4
$\begingroup$

Consider the square grid $$\{-n, -n+1, ..., n-1, n\} \times \{-n, -n+1, ..., n-1, n\} \subset \mathbb{Z}^2$$ As usual, connect $(i,j)$ to $(i',j')$ with an edge if $|i-i'|+|j-j'|=1$.

We randomly specify the environment as follows: At each vertex we designate one of the 4 outgoing directions to have probability 1/2, and the remaining 3 outgoing directions to have probability 1/6. The choice of which outgoing edge gets probability 1/2 is done uniformly and independently at random for each vertex.

Then we consider the random walk starting at $(0,0)$ that moves from each vertex in each direction with the chosen probabilities $1/2$ or $1/6$.

I want to show that for n large, if I fix a random environment and start the random walk at $(0,0)$, then the probability that the random walk hits the top edge of the grid before any of the other edges is very likely to be close to 1/4.

$\endgroup$
  • 2
    $\begingroup$ Is this supported by numerical experiments? $\endgroup$ – Douglas Zare Jan 6 '17 at 9:50
  • 3
    $\begingroup$ This is undoubtedly true but is a well-known open problem, dating back at least to kalikow's paper projecteuclid.org/euclid.aop/1176994306. The walk you describe has the property that every one-dimensional projection is recurrent (by yhe Zerner-Merkl 0-1 law), but I do not thing anything is known rigorously on exit measures. $\endgroup$ – ofer zeitouni Jan 6 '17 at 19:06
  • $\begingroup$ Since it seems the problem is hard, is it at least possible to show that the probability that the random walk hits the top edge of the grid before any other edges is very likely to be at least 1/10^10? $\endgroup$ – Alex Jan 6 '17 at 20:05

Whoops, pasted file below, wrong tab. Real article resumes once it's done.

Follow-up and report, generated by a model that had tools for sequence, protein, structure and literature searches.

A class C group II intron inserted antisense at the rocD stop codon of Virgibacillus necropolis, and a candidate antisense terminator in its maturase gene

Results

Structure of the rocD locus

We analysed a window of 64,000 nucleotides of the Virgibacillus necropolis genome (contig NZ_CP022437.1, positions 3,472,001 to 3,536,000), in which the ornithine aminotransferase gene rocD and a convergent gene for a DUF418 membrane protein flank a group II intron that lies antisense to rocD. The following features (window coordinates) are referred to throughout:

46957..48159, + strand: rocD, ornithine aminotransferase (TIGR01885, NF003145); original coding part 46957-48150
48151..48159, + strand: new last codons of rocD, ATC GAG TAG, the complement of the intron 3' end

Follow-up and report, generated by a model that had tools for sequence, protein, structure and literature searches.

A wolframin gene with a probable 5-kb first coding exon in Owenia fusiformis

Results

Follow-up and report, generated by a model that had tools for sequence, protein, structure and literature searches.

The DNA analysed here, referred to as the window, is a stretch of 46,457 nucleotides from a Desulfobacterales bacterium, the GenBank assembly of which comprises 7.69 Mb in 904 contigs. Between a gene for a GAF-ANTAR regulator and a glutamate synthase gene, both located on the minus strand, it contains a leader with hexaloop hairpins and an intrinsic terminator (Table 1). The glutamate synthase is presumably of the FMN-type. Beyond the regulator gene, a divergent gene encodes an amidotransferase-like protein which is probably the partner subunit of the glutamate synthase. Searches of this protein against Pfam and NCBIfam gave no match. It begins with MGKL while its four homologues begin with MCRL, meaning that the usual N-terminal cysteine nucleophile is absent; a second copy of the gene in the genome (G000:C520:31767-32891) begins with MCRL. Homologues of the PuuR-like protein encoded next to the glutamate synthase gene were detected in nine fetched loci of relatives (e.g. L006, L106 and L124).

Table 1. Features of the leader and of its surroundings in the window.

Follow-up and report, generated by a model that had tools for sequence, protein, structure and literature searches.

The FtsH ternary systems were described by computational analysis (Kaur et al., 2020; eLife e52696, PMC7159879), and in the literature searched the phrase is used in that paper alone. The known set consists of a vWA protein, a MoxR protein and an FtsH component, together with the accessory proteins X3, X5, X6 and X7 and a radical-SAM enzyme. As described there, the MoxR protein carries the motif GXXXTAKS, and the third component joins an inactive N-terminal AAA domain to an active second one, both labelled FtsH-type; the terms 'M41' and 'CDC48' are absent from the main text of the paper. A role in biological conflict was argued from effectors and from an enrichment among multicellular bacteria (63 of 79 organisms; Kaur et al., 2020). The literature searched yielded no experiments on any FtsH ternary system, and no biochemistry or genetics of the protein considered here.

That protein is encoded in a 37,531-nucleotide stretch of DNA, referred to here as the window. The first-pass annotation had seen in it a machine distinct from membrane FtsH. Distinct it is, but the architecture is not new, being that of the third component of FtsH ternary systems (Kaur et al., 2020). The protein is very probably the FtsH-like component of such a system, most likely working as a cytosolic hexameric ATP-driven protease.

• 1
    $\begingroup$ uniformly in n? seems to me hard. $\endgroup$ – ofer zeitouni Jan 6 '17 at 20:50
  • $\begingroup$ Does the problem become easier if I ask merely if there exists a vertex (i,j) (which may depend on the random environment) such that the probability that the random walk starting at (i,j) hits the top edge of the grid before any of the other edges is very likely to be close to 1/4? $\endgroup$ – Alex Jan 10 '17 at 17:05
3
$\begingroup$

Your random walk can be thought of as a isotropic diffusion with a random iid drift. This is very close to the situation studied here: http://link.springer.com/article/10.1007/s00222-005-0477-5 (ok, they are replacing the discrete model with a continuum one, but this isn't really important and you can find previous work on the discrete model in their references if this makes a difference to you).

Unfortunately, that paper is for dimensions $d>2$ and is perturbative: the drift is required to be smaller than $\delta$ for some very tiny $0<\delta\ll1$. Even in the perturbative regime, the two dimensions is critical in some sense and difficult to analyze. I know some colleagues who are trying to analyze the perturbative regime in $d=2$ and claim to have results "coming soon". This would answer your question if $1/2$ was replaced by $1/4+3\delta$ and the other edges were $1/4-\delta$.

Analyzing the situation outside the perturbative regime seems to be a hugely difficult task and no one knows what to do.

$\endgroup$
  • 2
    $\begingroup$ in $d\geq 3$, the exit measure for the discrete model in the perturbative regime is treated by Bolthausen and myself arxiv.org/abs/math/0607192. We believe the result goes over to d=2 but it will be a while before this is written (maybe we are the colleagues mentioned by user5678 :-). As he points out, outside the perturbative regime the problem is widely open. $\endgroup$ – ofer zeitouni Jan 6 '17 at 19:08
  • $\begingroup$ Yes Ofer, you and Erwin are the colleagues. Happy New Year! $\endgroup$ – Scott Armstrong Jan 7 '17 at 7:27

Your Answer

By clicking “Post Your Answer”, you agree to our terms of service, privacy policy and cookie policy

Not the answer you're looking for? Browse other questions tagged or ask your own question.